During Songkran in Bangkok, you can see that having fun is a big part of Thai culture – having fun amid scorching heat is no exception. As the hottest month of the year, April sees the entire country go bananas in friendly water fights and street parties that last nearly a week.

Most office buildings, banks, as well as family-run shops and restaurants, shut down completely during Songkran, while big shopping malls usually remain open. Bangkok experiences a mass exodus, as at least half of its residents travel back to their home towns for family reunions. In their place are travelers, who fly into Bangkok particularly to enjoy one of the most colorful and festive times of the year.

Note: Songkran in Thailand is officially observed 3 days as a national holiday, and although the government may announce varying official dates, it is usually between the 13th and 15th of April. Even so, celebrations often last an entire week!

What is Songkran?

Songkran is the occasion for family reunions, temple visits and annual house cleaning. Many Thais observe the holidays by spending time with families and friends. Traditionally, Thais perform the Rod Nam Dum Hua ritual on the 1st day of Songkran, which is officially National Elderly Day. During the ritual, young people would pour fragrant water into the elders’ palms as a gesture of humility and ask for their blessings.

The 2nd day of Songkran is officially National Family Day. Families would wake up early and give alms to the monks, then ideally the rest of the day would be spent sharing quality family time together. An important religious ritual on Songkran is ‘Bathing the Buddha image’, in which devout Buddhists pour fragrant water over Buddha statues both at the temple and at home. More religious Thais would engage themselves in Buddhist ceremonies and merit-making activities throughout the holidays.

Check our dedicated article about Songkran - Thai Traditional New Year

Symbolism of water

Fun-loving Thais don’t just throw water at each other for no good reason (besides having a kick out of seeing other people soaking wet). The real meaning behind the splashes is to symbolically wash off all misfortunes in the past year, thus welcoming the new year with a fresh start.

Traditionally, Thais would politely pour a bowl of water on members of the family, their close friends and neighbours. As Songkran has taken a more festive note, a bowl becomes a bucket, garden hose and water guns, and the spirit of holiday merriment is shared among all town residents and tourists.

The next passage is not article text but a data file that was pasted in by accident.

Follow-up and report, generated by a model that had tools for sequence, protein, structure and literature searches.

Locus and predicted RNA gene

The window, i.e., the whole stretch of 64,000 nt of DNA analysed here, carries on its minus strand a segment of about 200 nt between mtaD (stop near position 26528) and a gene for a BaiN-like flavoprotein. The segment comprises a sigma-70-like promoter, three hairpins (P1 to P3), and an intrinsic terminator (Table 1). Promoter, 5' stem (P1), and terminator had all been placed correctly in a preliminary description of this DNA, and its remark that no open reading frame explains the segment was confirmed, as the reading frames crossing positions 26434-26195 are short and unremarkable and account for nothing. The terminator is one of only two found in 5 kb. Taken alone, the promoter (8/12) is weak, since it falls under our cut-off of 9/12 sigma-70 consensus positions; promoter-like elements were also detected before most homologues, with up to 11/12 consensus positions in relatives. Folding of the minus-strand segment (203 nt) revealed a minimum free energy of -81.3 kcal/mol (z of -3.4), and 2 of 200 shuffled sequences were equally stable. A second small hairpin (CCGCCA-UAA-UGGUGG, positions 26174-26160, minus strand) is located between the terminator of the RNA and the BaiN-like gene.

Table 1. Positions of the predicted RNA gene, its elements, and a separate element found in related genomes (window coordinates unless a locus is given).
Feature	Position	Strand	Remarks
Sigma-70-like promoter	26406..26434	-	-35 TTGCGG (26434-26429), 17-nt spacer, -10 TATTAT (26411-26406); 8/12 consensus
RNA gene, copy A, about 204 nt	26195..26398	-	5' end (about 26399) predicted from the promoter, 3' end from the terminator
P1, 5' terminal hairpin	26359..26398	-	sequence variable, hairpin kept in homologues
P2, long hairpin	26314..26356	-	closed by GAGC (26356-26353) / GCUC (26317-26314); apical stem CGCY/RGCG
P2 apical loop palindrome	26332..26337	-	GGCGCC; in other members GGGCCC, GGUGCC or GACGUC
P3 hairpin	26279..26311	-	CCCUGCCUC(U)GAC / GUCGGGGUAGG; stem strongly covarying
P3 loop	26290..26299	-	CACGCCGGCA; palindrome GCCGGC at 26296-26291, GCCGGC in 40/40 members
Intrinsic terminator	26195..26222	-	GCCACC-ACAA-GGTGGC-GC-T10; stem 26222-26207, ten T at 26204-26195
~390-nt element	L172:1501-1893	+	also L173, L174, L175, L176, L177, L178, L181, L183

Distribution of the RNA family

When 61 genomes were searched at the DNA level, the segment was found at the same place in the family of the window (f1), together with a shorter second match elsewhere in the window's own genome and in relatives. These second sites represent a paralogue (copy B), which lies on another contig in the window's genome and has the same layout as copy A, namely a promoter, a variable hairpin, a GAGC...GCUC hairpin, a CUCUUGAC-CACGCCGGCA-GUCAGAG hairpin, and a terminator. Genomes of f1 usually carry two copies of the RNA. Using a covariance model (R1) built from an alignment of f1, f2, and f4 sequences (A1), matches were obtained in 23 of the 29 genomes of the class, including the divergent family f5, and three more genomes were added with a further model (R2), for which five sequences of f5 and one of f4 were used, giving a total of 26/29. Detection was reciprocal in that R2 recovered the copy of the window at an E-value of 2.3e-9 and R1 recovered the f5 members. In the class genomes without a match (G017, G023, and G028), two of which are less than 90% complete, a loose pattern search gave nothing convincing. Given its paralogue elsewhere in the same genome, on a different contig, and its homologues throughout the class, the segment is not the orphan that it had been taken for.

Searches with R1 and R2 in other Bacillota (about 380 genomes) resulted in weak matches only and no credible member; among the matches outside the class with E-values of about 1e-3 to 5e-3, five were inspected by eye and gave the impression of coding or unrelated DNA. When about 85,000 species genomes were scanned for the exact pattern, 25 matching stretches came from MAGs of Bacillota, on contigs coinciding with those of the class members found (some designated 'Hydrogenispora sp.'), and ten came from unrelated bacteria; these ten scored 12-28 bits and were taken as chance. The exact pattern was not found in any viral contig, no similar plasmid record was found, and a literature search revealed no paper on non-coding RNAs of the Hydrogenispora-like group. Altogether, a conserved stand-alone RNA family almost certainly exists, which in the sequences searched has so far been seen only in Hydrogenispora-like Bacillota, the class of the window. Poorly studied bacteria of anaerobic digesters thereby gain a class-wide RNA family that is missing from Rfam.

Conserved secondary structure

When is Songkran in Bangkok?

Before Thailand adopted the international New Year’s Day in 1940, Songkran was calculated based on the solar calendar, which varied from one year to the next. Now Songkran in Bangkok is from 13th to 15th April every year. Depending on where you are in the country, the dates and period of festivities may vary.

What to do during Songkran festival in Bangkok?

1. Join the water fight on the street

Khao San Road and Silom road are the backpacking heart of Bangkok. The roads are filled with revellers, both foreign and Thai, during Songkran. The huge street party features lots of water and lots of booze. Crowded and frenetic, the two roads are the place to go if you want to hit the crowds armed with a cocktail bucket and a water gun. Loud music blares from the bars and spirits are high.

2. Watch traditional performances at Sanam Luang

Sanam Luang is a great place for cultural Songkran fun away from the hectic streets. The large public square, located in front of the Grand Palace, is a hive of activity, with performances and ceremonies that showcase Thai culture, heritage, and values. Expect shadow puppetry, Muay Thai demonstrations, mask dancing, music, traditional costumes, and more. A highly revered Buddha statue is brought out of the National Museum too, with people praying and showing their respect to the image by sprinkling water on it and leaving offerings.

3. Beauty pageants and food fairs in the Wisutkasat area

A Miss Songkran Beauty contest is often held in the Wisutkasat area during Songkran, accompanied by merit-making, a parade and other fun activities. Food, as is always customary in Thailand, also features high on the agenda, with many mouthwatering seasonal treats available in hotels, restaurants, and from food vendors on every soi or street. Look out for special Songkran menus at some hotels and restaurants.

4. Visit sacred temples

See the traditional side of Songkran with a temple visit. While you can stop into any local temple and you’ll find people paying their respects to the Buddha images, washing the statues, and honouring monks, there are nine major temples that attract substantial numbers of people. Some Thais will even visit all nine of these top temples in the one day, hopping between each to make merit and trying to secure good luck for the year ahead.

Wat Phra Kaew (the Temple of the Emerald Buddha), Wat Pho, Wak Saket (the Golden Mount), and Wat Suthat (near the giant swing) are all well-known temples that are popular places to visit at Songkran. Wat Bowornniwet and Wat Chana Songkhram often don’t make tourist’s itineraries, but they’re well worth visiting during the Thai New Year. On the Thonburi side of the river, Wat Arun (Temple of the Dawn), Wat Kalayanamit, and Wat Rakhang are also very active over Songkran.